What Happens When Architects Die?
A couple of recent posts have raised the subject of Death And The Architect. First was Futurist Endings with its list of the (much delayed) deaths of members of the Futurist movement. And yesterday’s post, “Fill’erup with Specialness!” suggested that Mies van der Rohe’s ESSO gas station in Montreal may have been the last building of his he saw completed.
The Annunciation Greek Orthodox Church may have been the last building of his that Frank Lloyd Wright saw completed, but the New York Guggenheim Museum is also a strong candidate. As you can see from the photo below, the Annunciation Greek Orthodox Church dates from Frankie’s Gattaca Period.
This post is about what happened next – what about the ones they never saw? The ones they posthumously influenced the design of? If you want to think more deeply about it, this post asks if creativity is something that can be transmitted or taught? Is it possible to absorb creativity just by looking over the shoulder of somebody who supposedly has it?
Or is creativity a myth? Is creativity just people copying themselves and then other people copying other people, making it up as they go along? You be the judge. If you conclude that that being in the same place at the same time does not guarantee the transmission of creativity, then the CVs of those next generations of architects must be called into question.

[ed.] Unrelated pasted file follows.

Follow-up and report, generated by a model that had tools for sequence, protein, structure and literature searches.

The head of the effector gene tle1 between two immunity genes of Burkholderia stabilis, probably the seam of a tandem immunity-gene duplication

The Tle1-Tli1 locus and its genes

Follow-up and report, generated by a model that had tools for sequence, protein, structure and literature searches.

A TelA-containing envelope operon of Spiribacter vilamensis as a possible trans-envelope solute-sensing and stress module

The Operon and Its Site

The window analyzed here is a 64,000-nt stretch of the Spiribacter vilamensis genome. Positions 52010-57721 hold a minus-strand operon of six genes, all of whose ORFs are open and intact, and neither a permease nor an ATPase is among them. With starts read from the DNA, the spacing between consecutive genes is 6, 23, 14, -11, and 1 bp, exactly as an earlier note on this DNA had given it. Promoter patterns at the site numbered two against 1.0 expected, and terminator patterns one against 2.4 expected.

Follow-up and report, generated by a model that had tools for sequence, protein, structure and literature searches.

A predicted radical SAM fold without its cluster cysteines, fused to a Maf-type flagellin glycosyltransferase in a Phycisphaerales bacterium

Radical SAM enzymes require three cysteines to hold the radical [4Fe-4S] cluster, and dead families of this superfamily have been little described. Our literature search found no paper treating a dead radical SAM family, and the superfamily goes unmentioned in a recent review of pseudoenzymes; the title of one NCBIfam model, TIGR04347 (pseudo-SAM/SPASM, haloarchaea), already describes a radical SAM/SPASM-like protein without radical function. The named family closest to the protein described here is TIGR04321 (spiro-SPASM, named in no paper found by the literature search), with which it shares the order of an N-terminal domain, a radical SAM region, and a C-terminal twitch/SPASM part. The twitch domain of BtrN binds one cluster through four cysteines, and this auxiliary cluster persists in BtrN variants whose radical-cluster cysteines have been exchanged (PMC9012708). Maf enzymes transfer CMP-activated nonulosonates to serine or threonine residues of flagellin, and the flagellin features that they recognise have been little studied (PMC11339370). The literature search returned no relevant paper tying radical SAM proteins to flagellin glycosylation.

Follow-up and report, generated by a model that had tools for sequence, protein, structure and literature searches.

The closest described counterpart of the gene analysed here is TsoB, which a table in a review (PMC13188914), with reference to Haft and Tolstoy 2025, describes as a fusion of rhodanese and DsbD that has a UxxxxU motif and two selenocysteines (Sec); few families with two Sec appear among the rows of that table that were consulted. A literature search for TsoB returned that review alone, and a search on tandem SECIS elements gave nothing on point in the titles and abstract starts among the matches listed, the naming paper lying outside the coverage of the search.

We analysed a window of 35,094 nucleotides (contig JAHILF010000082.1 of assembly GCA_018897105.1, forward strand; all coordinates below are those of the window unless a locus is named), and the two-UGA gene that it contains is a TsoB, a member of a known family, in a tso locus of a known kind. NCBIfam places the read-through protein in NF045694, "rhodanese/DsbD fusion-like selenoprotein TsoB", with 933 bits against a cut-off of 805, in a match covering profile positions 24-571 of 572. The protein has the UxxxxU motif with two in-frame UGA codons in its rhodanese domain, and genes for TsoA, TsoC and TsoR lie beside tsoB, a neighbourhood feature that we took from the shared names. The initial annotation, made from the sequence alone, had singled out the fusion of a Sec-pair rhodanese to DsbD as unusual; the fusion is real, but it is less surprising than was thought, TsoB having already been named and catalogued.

I’ll use Frank Lloyd Wright’s architectural legacy as an example. To be fair, Wright had nothing to do with this first example – not directly, at least. There is a story behind the Golden Rondelle Theatre completed 1966[?] by Taliesin Associated Architects. It’s located, on axis, just north of the Johnson Wax Tower. Click on this.
Taliesin Associated Architects kept the dream alive until 2003. This is their Beaver Meadows Visitor Centre, completed 1967.
This man is William Wesley Peters.
After Wright’s death, he became chief architect of Taliesin Architects, designing over 120 buildings worldwide, many of them for prominent clients and with complex programs. In his most characteristic work, Mr. Peters bridges between structure and ornament with bold invention and surprising sculptural forms. He interprets Wright’s principles of architecture, but also interprets the spirit of his own time. (text from here)
This site has photographs of some of the other 120 buildings either completed, adapted or designed by Taliesin Associated Architects.